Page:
Wandering, a Rohingya Story
Wandering, a Rohingya Story is an immersive, poetic and powerful look into the biggest refugee camp in the world, the Kutupalong refugee camp. In 2017, 700,000 Rohingya Muslims fled from the genocide in Myanmar (formerly Burma), to seek asylum in Bangladesh. Within a few months, the Kutupalong refugee camp became the biggest camp in the world. Between poetry and nightmares, food distribution and soccer games, the film guides us through a labyrinth of makeshift shelters, bearing witness to the daily lives of Rohingya refugees and the ghosts of the past.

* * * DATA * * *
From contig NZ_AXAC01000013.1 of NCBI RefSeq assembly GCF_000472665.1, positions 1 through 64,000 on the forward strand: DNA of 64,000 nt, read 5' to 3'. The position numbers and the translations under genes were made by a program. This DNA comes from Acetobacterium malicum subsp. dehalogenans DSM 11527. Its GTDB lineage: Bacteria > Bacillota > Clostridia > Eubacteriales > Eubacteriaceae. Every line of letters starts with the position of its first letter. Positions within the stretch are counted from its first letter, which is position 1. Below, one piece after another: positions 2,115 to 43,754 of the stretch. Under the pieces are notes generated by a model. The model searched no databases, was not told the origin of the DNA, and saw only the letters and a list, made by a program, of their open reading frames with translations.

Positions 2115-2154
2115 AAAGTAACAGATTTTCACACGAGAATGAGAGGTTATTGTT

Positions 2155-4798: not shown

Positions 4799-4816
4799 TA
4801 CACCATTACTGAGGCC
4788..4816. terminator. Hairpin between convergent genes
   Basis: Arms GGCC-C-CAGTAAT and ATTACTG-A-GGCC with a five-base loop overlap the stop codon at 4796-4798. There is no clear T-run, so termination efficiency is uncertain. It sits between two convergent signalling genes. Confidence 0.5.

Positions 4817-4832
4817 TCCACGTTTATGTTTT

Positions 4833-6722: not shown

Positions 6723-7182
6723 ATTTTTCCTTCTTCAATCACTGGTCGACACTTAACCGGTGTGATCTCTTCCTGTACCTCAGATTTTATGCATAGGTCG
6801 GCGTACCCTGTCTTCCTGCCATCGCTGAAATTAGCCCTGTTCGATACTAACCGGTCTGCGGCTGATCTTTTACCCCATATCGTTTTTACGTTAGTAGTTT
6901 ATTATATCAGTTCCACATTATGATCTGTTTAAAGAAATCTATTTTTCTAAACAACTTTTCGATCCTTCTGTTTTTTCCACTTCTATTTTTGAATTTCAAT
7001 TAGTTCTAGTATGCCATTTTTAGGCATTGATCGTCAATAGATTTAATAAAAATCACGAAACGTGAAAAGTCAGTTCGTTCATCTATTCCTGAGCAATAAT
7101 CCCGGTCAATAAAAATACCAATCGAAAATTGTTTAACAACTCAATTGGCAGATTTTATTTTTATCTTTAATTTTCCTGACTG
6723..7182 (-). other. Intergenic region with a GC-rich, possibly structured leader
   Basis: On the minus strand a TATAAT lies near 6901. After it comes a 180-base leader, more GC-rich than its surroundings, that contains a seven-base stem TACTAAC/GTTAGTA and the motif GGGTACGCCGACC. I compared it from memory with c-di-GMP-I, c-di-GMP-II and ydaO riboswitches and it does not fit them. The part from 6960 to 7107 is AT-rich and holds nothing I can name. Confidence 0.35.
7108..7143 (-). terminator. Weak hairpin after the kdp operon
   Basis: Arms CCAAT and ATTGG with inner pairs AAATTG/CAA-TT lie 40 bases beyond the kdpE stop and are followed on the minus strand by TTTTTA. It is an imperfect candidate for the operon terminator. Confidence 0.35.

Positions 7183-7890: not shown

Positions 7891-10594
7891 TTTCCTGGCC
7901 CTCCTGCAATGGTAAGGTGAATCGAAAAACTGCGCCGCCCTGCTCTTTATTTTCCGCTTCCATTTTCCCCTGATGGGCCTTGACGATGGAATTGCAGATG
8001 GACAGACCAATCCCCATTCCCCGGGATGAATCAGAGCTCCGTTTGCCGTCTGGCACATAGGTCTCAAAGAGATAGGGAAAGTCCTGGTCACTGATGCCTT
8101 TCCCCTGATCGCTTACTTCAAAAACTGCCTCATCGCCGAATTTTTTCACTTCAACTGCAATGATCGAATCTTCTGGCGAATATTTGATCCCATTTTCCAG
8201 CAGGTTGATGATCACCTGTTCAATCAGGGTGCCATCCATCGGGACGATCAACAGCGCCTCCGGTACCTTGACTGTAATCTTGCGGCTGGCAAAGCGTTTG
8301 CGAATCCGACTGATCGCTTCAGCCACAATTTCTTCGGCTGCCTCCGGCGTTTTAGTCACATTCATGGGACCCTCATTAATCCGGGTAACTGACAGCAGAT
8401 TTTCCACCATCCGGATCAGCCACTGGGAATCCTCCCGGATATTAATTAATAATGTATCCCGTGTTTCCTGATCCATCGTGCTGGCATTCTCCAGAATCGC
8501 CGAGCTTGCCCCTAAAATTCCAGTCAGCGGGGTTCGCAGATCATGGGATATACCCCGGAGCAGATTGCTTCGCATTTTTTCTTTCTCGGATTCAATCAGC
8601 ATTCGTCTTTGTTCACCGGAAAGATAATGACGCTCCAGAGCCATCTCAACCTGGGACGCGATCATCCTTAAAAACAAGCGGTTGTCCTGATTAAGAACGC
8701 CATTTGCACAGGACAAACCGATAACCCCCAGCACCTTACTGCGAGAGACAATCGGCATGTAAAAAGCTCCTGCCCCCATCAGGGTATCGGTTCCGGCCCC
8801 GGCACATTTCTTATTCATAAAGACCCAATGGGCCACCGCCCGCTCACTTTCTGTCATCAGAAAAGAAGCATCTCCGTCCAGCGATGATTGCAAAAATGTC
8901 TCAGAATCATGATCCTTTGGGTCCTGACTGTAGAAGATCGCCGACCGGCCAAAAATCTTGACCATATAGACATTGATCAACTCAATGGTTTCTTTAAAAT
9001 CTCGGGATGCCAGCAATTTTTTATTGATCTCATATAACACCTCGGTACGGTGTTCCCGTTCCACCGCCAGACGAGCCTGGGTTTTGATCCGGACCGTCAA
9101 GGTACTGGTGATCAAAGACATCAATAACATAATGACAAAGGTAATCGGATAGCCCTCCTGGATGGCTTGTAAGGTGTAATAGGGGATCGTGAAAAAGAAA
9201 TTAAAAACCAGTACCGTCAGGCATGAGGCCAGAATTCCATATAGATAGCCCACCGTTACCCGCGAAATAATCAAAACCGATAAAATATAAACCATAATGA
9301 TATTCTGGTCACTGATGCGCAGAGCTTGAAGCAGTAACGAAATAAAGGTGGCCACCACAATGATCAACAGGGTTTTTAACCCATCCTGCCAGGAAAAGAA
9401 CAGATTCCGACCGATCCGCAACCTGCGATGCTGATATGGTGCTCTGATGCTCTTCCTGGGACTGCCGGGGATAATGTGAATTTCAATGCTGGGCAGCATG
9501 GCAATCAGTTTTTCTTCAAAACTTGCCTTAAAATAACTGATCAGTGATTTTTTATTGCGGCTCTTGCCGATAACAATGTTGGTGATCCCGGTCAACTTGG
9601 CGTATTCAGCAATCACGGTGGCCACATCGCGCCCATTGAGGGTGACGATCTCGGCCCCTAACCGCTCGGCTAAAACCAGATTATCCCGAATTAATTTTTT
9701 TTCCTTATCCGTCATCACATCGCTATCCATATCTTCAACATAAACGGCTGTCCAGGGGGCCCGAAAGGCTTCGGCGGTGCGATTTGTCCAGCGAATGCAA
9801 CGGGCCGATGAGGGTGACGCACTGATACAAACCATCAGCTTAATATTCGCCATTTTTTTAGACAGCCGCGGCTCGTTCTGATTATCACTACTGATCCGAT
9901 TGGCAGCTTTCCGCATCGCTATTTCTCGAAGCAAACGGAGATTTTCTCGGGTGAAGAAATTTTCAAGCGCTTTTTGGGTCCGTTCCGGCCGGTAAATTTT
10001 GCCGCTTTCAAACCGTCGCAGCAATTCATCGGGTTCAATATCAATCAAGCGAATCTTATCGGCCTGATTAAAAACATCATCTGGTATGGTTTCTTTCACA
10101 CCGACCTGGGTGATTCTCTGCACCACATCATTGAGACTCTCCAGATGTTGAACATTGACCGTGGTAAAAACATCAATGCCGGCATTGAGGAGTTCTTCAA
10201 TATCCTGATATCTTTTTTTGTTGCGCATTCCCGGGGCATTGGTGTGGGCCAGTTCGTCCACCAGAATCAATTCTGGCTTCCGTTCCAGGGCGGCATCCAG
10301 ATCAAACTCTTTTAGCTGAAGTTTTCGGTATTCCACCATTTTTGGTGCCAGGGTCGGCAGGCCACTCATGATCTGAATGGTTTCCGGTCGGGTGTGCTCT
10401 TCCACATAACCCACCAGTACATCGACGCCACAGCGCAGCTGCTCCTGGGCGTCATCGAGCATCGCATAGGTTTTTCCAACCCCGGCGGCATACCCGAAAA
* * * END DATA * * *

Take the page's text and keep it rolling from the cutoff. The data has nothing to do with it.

Born in Québec City (Canada), Olivier Higgins and Mélanie Carrier are biologists by trade. They discovered video while documenting their numerous adventures. In 2007, they directed and produced the documentary film Asiemut, which chronicles their 8000 km cycling trip from Mongolia to India. In 2010, the director-producer couple founded MÖ FILMS, an independent production company devoted to documentary films, whose objective is to contribute to the debates and societal challenges of our times. Their latest documentary feature film, Wandering, a Rohingya Story examines the Rohingya refugee crisis in Bangladesh. Along with this film, they produced and designed a multidisciplinary exhibition, including the works of several artists, at the Quebec National Museum of Fine Arts (MNBAQ).